The 12-hour, two-day MHFA training program was advertised widely through community channels in the Vietnamese community in Melbourne, emphasising that all community members were welcome to participate in the program, which was delivered free of charge. Participants in the training programs were general members of the community who registered for the training. There was no specific selection process. An interest in learning about mental health was sufficient. Participants in three training groups were invited by the trainers to participate in the evaluation of the program by anonymously completing the evaluation questionnaire prior to the commencement of the training (pre-test) and at its completion (post-test).
The training was delivered by two qualified MHFA instructors, both mental health professionals (psychology and social work), and both born in Vietnam, who were involved in the cultural adaptation of the MHFA training course and manual. The adapted MHFA manual was translated into Vietnamese by a Vietnamese psychiatrist. The training program was conducted in Vietnamese.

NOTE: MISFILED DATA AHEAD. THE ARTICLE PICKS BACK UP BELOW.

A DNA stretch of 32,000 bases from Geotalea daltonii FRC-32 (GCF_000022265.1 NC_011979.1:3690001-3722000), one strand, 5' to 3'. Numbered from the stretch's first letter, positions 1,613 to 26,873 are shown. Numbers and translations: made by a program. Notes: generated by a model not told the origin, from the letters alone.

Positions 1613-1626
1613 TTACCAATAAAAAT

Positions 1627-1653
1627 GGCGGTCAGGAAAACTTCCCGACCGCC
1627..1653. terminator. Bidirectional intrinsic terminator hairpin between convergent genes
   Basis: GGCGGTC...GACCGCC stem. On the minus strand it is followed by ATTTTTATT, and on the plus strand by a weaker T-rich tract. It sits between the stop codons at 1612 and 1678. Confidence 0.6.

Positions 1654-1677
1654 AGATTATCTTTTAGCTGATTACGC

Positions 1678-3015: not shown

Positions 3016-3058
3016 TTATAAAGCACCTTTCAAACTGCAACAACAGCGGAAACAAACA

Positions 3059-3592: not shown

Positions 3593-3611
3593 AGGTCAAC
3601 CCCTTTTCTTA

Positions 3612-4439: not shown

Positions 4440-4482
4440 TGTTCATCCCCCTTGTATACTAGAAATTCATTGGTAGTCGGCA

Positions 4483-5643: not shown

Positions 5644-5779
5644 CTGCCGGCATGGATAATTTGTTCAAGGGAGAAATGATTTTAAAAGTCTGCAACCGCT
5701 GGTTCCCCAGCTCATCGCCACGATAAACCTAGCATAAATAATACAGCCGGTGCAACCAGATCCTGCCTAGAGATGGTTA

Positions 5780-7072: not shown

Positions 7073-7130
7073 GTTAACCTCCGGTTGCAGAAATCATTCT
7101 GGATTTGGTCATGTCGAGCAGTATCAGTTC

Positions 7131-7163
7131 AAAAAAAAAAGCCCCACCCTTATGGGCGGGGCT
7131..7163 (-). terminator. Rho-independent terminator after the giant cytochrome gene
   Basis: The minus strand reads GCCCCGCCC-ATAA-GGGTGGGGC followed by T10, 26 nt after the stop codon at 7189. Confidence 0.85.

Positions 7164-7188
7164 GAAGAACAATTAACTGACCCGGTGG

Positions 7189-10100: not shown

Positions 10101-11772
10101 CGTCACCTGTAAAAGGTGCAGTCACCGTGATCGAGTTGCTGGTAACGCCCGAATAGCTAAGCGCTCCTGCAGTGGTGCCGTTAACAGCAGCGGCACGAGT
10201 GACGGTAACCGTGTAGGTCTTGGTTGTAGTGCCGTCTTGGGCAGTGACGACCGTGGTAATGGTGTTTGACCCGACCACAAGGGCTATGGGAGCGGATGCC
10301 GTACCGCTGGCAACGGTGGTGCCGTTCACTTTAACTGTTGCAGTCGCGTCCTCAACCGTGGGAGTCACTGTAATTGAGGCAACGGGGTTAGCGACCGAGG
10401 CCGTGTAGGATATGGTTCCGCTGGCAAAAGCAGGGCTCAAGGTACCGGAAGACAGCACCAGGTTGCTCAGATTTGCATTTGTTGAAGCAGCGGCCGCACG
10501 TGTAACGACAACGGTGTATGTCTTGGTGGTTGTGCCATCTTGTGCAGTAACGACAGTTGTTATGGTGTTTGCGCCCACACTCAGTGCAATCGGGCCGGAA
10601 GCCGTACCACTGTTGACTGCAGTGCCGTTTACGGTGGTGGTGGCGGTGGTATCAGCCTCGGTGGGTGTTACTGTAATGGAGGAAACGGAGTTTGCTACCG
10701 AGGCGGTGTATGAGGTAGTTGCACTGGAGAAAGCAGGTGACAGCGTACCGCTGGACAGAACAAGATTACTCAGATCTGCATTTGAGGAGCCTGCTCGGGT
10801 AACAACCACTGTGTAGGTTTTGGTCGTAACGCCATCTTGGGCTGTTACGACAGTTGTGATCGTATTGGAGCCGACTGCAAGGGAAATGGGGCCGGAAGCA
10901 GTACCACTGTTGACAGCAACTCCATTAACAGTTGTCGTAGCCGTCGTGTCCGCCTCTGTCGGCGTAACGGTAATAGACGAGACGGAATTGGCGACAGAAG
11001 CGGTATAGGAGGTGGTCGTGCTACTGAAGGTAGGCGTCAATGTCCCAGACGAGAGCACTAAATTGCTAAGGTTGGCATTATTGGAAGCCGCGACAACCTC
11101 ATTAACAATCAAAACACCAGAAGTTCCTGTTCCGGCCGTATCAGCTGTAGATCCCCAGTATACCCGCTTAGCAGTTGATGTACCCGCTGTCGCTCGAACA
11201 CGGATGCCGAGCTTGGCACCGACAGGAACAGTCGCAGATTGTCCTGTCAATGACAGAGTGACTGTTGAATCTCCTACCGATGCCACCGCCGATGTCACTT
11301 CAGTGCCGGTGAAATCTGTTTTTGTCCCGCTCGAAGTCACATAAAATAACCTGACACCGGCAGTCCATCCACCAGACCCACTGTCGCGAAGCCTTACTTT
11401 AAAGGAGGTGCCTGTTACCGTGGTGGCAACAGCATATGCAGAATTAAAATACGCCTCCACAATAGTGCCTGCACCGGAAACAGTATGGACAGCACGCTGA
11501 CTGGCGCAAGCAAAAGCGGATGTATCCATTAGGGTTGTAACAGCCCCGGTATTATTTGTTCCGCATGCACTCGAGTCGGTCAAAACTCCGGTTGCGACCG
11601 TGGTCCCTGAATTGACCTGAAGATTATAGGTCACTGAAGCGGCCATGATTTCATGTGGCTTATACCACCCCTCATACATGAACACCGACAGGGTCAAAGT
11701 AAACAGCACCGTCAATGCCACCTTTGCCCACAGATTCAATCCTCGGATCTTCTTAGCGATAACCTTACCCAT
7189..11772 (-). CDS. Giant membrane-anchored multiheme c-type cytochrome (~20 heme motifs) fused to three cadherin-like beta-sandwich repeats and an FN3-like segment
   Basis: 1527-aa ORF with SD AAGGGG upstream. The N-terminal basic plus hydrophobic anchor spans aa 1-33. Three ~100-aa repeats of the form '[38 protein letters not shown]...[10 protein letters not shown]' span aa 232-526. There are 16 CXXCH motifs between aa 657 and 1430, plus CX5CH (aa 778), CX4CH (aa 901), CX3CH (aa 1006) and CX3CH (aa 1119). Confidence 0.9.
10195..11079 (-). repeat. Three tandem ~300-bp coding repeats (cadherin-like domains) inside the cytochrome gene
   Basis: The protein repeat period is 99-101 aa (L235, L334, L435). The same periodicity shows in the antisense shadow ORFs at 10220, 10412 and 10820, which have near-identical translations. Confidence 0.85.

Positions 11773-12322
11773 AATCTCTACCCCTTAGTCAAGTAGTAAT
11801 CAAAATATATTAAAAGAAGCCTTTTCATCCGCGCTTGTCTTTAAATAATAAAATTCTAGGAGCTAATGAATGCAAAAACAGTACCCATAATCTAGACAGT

The evaluation questionnaire consisted of the following components:
1) A section seeking brief socio-demographic information.
2) Presentation of four brief vignettes about each of which the following questions were asked:
a) What would you say, if anything, is wrong with John?
b) Imagine John is someone you have known for a long time and care about. You want to help him. What would you do?
c) Has anyone in your family or close circle of friends ever had problems similar to John's?
d) Have they received any professional help or treatment for these problems?'
e) Have you ever had a job that involved providing treatment or services to a person with a problem like John's?
The vignettes were taken from a paper by Griffiths et al.  reporting a study of stigma associated with mental disorders. The vignettes described a person with: depression; depression with suicidal ideation; early schizophrenia; and chronic schizophrenia. Each of the disorders depicted in the vignettes satisfied both DSM-IV and ICD-10 diagnostic criteria for either major depressive disorder or schizophrenia.